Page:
The "dual" identity remains relatively stable, testimony not to some confusion about identity but to the many meanings of the term "Chinese". Polls do not ask people to define "hua ren" or "Chunghua mintzu" as they relate to themselves, probably deliberately, to avoid providing evidence that "We're Chinese" for Taiwanese means something like what "We're Europeans" or "We're Westerners" means for Frenchmen. Muyard points out, however, that over time, when you give those polled the choice of "Taiwanese" or "Chinese", the number who choose "Taiwanese" has rising past 70%.

The WaPo piece is great, and the writers are correct to use surveys, but I think it is wrong to speak in terms of an identity shift, though they played it safe. Rather, as people began to believe that democracy would be durable, they began "coming out" as Taiwanese.
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Anonymous said...

Innovative use of twitter on Mao's cultural revolution:


It is painful to read but has huge emotional impact.

We should do one for 228. Remind Taiwanese that it is better to fight the evil than to submit.

Anonymous said...

According to 林飛凡, WaPo article was desk reject by the WaPo editor at first because the editor felt that it is promoting "Taiwan Independence". The authors explained that they were trying to write about result of survey and how it related to important issues about Taiwan and WaPo editor accepted the article on that basis.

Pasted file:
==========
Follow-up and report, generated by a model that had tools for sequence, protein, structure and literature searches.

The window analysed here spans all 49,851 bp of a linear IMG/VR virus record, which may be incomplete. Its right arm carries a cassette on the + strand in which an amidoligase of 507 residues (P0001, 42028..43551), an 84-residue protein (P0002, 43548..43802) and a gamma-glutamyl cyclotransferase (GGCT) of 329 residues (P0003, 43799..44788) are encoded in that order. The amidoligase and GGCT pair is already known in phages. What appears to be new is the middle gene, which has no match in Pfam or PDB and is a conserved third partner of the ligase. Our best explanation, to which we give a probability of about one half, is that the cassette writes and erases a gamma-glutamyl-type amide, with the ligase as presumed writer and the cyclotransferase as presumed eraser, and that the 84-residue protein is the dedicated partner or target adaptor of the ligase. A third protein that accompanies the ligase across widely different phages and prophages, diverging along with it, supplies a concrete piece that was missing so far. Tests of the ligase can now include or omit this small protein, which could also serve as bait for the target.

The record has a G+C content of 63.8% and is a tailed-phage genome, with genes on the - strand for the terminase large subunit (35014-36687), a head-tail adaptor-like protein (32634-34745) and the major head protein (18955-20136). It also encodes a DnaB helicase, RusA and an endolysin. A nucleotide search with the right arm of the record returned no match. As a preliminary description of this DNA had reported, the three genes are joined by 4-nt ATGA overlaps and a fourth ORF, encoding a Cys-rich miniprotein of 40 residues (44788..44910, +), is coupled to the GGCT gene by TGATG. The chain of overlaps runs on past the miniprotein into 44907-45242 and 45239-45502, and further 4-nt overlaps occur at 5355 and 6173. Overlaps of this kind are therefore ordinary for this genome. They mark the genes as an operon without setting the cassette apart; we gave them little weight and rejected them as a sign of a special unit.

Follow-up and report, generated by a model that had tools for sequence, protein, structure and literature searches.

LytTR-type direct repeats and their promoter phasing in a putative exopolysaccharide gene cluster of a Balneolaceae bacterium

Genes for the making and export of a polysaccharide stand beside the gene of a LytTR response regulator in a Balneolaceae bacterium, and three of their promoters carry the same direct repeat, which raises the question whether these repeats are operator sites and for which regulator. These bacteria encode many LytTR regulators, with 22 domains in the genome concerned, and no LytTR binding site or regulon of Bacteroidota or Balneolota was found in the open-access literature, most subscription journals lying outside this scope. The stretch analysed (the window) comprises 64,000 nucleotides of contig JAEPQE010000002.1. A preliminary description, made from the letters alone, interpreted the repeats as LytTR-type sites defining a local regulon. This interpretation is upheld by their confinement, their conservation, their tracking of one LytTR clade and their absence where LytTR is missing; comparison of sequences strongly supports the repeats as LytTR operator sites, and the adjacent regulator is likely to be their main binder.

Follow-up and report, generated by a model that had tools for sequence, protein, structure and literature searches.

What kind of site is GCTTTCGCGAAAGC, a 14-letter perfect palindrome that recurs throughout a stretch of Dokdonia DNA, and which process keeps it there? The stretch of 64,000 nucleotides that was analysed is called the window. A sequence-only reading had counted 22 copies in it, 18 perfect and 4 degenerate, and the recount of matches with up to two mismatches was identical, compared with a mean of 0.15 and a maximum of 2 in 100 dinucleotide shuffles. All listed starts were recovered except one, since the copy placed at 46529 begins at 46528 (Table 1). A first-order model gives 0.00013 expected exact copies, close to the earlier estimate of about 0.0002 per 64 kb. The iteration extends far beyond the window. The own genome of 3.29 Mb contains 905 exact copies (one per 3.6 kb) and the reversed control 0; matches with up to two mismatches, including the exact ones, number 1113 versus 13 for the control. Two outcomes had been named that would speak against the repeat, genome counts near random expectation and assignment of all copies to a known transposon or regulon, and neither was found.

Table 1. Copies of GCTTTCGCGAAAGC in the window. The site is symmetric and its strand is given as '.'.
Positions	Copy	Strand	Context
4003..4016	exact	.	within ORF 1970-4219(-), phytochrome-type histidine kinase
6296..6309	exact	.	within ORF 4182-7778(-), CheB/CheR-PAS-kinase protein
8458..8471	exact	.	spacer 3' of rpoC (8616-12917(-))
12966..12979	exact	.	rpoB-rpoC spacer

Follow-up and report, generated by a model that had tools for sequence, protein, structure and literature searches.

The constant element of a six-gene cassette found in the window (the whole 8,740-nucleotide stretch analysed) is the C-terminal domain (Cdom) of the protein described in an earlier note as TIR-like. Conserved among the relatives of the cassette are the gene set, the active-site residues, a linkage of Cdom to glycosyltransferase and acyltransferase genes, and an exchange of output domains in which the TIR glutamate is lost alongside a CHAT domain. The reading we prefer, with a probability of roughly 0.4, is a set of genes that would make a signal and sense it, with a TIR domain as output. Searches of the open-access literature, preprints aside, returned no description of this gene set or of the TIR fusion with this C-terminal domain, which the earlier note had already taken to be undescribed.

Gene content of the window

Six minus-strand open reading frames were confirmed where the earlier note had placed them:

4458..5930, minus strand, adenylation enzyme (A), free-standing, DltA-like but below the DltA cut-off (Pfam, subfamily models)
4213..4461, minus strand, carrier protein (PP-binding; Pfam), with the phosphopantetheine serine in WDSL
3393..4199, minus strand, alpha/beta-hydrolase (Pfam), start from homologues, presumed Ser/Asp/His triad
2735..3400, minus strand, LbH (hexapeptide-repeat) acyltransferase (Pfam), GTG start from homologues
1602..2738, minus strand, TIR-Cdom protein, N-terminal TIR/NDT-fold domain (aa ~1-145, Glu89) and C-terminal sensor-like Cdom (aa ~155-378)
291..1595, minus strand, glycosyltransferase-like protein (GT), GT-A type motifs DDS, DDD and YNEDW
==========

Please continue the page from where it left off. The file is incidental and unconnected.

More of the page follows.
The authors of WaPo article did said that WaPo editor helped them with the rewrite so the final article is more clear and easy to understand.

It is just very difficult to have "Taiwan centered" articles in international media. We needs to keep up the good fight.

Anonymous said...

Only trouble is, it's in the Washington Post which is getting a bad reputation. They fake news themselves.

Anonymous said...

Agreed on your conclusion.

Personally I believe that the Taiwanese identity might have been settled long ago if there weren't martial laws and white terror. There might have been studies somewhere on my hypothesis. Sometimes I don't even know how western media approached this identity politics when some of them seemed to be oblivious about that the freedom of speech used to be nonexistent in Taiwan. There are many news reports full of facts and numbers yet lacking of a story that offers a convincing perspective.

Anonymous said...

"According to 林飛凡, WaPo article was desk reject by the WaPo editor"

The authors of that article explained what happened in:

In short, the WaPo editor(s) first rejected it saying that promoting Taiwan Independence is not allowed, secondly they changed the title to "Taiwan wants One-China, but which one?" that is totally baseless. Only after negotiation did they come to agreement for the final title.

The article also mentioned that some liberal journalists, like Max Fisher, questioned their poll data.

Ilya said...

"According to 林飛凡, WaPo article was desk reject by the WaPo editor"

Could anyone please produce a non-conspiracy point of view why WaPo editors would behave like that? A naïve person such as me would think that a newspaper editor should be interested in presenting a non-conventional, potentially sensational topic. Or is it because the editors think that they should follow the already framed public opinion?